The Dawn of the 'White Bluesman'

The 74 year-old legend bends down, ever so slightly, displaces the harmonica off his lips, and then with a slight shake of his head, utters the words "Is there no mercy in this land?" I am utterly devastated.

(Image courtesy:

Mr. Musselwhite, also known as 'The White Bluesman', has the capacity to gently destroy your soul and then bring it back to life. Born in Mississippi to a family ensconced in music, it did not take him long to enter the world of the Blues. Growing up with legends such as Muddy Waters, Buddy Guy and John Lee Hooker (With whom he developed a very close friendship), he released his first album in 1966 titled 'Stand back! Here comes Charley Musselwhite's Southside band', an instant hit that went to receive a legendary status. One song from this album that jolts you out of the blue (Or rather plunges you deep within) is 'Sad day'(, where the organ lulls you into a false sense of drowning, the harmonica pulling you out just before your head begins to sink underwater.

'Memphis Charlie' released 20 albums since, and has also been part of a few movies. But it took him 11 nominations before he finally won the Grammy in 2014 for his album 'Get up!', which he co-created with the American songwriter Ben Harper.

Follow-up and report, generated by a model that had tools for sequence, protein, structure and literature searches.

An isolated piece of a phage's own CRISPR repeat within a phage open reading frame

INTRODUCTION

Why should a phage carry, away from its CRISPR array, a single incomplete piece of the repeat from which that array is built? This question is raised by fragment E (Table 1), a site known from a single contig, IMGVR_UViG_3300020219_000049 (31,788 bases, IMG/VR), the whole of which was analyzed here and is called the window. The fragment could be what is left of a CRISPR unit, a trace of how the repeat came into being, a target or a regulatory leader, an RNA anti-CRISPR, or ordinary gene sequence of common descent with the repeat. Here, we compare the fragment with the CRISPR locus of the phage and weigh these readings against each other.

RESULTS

"I don't want to go my way, If you're not going my way So I guess that means, I'll be going your way"

(Image courtesy: Rolling Stone)

The best piece in the album in my view, 'We can't end this way" ( waltzes its way through a carefully constructed play of hands, right into our souls. Yet another piece that shows you his capability to both destroy and save us. The rest of the album (Chicago and Delta blues) is a gem too, with Ben Harper flooring us with his Weissenborn lap slide at numerous occasions and Mr. Musselwhite hypnotizing us with his vocals, phrasing us into rapt attention.

The first job Mr. Musselwhite landed while in Chicago was that of a driver for an exterminator. He recalls (In an interview for the Bluesblast magazine how while driving he would encounter numerous posters of Muddy waters across town, thus beginning his journey into the Chicago club scene. After his first break, where he stunned a 4th of July audience (who had come expecting some 'folk' singing) with his mesmerizing Harmonica, there was no looking back. Soon, he began his well-spoken about friendship with the legendary John Lee Hooker and both of them waltzed through the 70s and 80s, dominating the Blues scene.

(Image courtesy: Admiral Theatre)

The Harmonica is going to ring loud this year at the Mahindra Blues Festival, with notes stretching from Bandstand to Bandra Talao. He might be 74, but Mr. Musselwhite is at his peak currently and thus one would definitely not want to miss out on this truly special performance, this February at Mehboob studios.

-Venkat Iyer